South America Calling
Safrinha Corn in Brazil Jumps Over First Weather Hurdle
You could argue that the wetness during the primary planting window was the first weather hurdle that the safrinha (second season) corn crop in Brazil had to jump over. Though producers were slow to get going, many areas in central Brazil made it within the primary planting window.
The south-central states of Mato Grosso do Sul and Parana had bigger delays due to wetness. But the rainfall during the wet season was the primary hurdle that needed to be eclipsed for the safrinha crop to maintain expectations of a record crop. And with just a week left to go in the wet season, it appears that the crop has successfully handled this hurdle.
La Nina typically leads to a shortened wet season in central Brazil and though its influence was waning in February and March, there were still fears that wet season rains would end early across the country. They started to do so in late March, with more isolated showers for about two weeks, but that was short-lived as systems moving north from Argentina supplemented the lack of rainfall from wet season showers. It was not perfect, and compared to normal, the last three month's-worth of rainfall is lower than average. But rainfall was relatively consistent and heavy enough through April for most of the safrinha growing areas to limit moisture losses.
There are dry spots in the country, and some of them are large. The states of Rio Grande do Sul and Minas Gerais have issues with dryness, but those areas are minor safrinha corn growing areas. The majority of the crop is in good shape as it edges into pollination with adequate soil moisture.
Due to some of those late plantings, it would be preferred to have rainfall continuing into at least early May at a regular clip to get most of the crop through pollination before shutting down the rains. There are some indications that this may be true.
After a front has gone through Brazil this week, it has become much drier behind it. But the showers are continuing in the northern growing areas going into next week, though at a much-reduced rate. Still, having some showers around will be beneficial. Across the south, there might be more concern, but a system may bring some isolated to scattered showers through April 25-26 if models are correct. Though amounts would generally be below 20 millimeters (0.8 inches), it would be enough to stave off dryness concerns for another week.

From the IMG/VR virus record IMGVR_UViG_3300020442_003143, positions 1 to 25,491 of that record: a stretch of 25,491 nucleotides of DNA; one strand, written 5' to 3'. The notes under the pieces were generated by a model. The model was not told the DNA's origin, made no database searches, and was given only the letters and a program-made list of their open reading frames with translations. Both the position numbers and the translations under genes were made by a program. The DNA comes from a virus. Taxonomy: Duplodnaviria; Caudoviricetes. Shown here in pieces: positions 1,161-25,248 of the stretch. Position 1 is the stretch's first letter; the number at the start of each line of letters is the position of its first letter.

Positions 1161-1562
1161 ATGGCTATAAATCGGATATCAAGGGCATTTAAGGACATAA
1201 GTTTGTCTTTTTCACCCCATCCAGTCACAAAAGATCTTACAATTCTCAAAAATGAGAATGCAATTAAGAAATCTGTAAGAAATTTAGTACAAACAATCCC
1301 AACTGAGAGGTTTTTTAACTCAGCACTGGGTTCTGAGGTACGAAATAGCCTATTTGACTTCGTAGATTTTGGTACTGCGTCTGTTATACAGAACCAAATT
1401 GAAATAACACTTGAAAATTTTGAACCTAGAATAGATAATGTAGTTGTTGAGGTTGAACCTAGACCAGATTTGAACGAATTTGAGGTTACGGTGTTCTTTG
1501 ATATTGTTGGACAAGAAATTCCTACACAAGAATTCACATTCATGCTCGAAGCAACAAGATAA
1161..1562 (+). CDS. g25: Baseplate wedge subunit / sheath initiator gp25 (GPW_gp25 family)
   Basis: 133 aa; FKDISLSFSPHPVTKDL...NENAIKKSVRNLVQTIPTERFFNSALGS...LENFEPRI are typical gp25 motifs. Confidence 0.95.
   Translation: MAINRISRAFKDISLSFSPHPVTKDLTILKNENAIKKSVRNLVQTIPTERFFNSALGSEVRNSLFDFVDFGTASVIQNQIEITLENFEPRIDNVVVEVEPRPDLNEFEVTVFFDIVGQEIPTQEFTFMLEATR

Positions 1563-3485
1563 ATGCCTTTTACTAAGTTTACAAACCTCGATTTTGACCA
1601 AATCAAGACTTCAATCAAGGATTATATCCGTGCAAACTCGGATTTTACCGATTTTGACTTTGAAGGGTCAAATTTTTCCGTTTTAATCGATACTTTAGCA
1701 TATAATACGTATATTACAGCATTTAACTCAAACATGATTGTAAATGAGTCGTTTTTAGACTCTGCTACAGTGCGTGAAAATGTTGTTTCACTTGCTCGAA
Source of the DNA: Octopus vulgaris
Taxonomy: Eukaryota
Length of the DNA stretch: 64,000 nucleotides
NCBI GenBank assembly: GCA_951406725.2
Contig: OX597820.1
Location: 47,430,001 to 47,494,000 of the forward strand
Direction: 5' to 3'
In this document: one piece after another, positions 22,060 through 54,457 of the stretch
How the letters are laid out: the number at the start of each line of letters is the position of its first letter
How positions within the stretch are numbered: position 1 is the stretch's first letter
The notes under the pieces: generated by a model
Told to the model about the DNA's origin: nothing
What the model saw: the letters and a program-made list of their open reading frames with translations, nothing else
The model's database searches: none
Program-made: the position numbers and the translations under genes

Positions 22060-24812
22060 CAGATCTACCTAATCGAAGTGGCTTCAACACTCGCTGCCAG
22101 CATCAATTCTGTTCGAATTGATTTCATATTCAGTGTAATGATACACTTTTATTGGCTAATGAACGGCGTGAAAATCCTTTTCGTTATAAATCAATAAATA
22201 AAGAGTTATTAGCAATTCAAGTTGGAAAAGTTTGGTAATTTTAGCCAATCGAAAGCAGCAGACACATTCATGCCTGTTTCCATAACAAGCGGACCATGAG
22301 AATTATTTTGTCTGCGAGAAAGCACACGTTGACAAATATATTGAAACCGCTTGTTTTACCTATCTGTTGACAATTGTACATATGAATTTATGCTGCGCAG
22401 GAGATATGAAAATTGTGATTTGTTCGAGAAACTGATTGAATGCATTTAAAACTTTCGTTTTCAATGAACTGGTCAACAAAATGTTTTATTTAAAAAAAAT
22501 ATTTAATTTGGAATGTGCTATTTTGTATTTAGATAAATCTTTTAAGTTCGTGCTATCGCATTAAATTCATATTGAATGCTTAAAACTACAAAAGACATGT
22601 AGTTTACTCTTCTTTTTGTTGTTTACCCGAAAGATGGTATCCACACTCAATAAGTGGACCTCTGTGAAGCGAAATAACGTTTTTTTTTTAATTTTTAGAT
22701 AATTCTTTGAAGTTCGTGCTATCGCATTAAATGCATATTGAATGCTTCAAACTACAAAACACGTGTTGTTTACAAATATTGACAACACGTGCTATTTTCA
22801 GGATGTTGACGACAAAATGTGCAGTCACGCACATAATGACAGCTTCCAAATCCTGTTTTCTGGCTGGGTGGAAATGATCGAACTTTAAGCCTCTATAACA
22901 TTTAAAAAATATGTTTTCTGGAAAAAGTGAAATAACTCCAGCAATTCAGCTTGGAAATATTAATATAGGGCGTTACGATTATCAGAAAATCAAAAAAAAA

Though northern areas should dry out as the calendar turns over to May, longer-range models are suggestive of a few weaker fronts or systems moving through southern areas to continue some form of rain through most of May. With how much later southern areas were planted, the continued rainfall will be beneficial, even if it does not materialize quite as much as models suggest. It is not forecast to be much, around 25 to 50 millimeters (one to two inches) for the entire month of May, but would help to limit dryness concerns if it comes at a regular pace.
The attention then turns to the next hurdle -- temperatures. Cold shots coming with systems will be stronger and stronger with time. Going back to the 2021 season would remind us of the impact that frosts could have on corn production this year, especially given the later plantings across the south. A burst of colder temperatures moved through this week and lows on April 20 reached down into the single digits Celsius (40s Fahrenheit) in Rio Grande do Sul, but frosts were generally avoided in the main crop areas farther north.
Still, the risk of frost will only increase with time. There is some suggestion from models toward the end of May that may heighten the attention toward a risk of frosty conditions, but that is over a month away and just on the radar at this point in time. Longer-range models do not show any specific risk in June just yet, but will need to be watched as much of the crop would be in the fill stage.
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John Baranick can be reached at email@example.com
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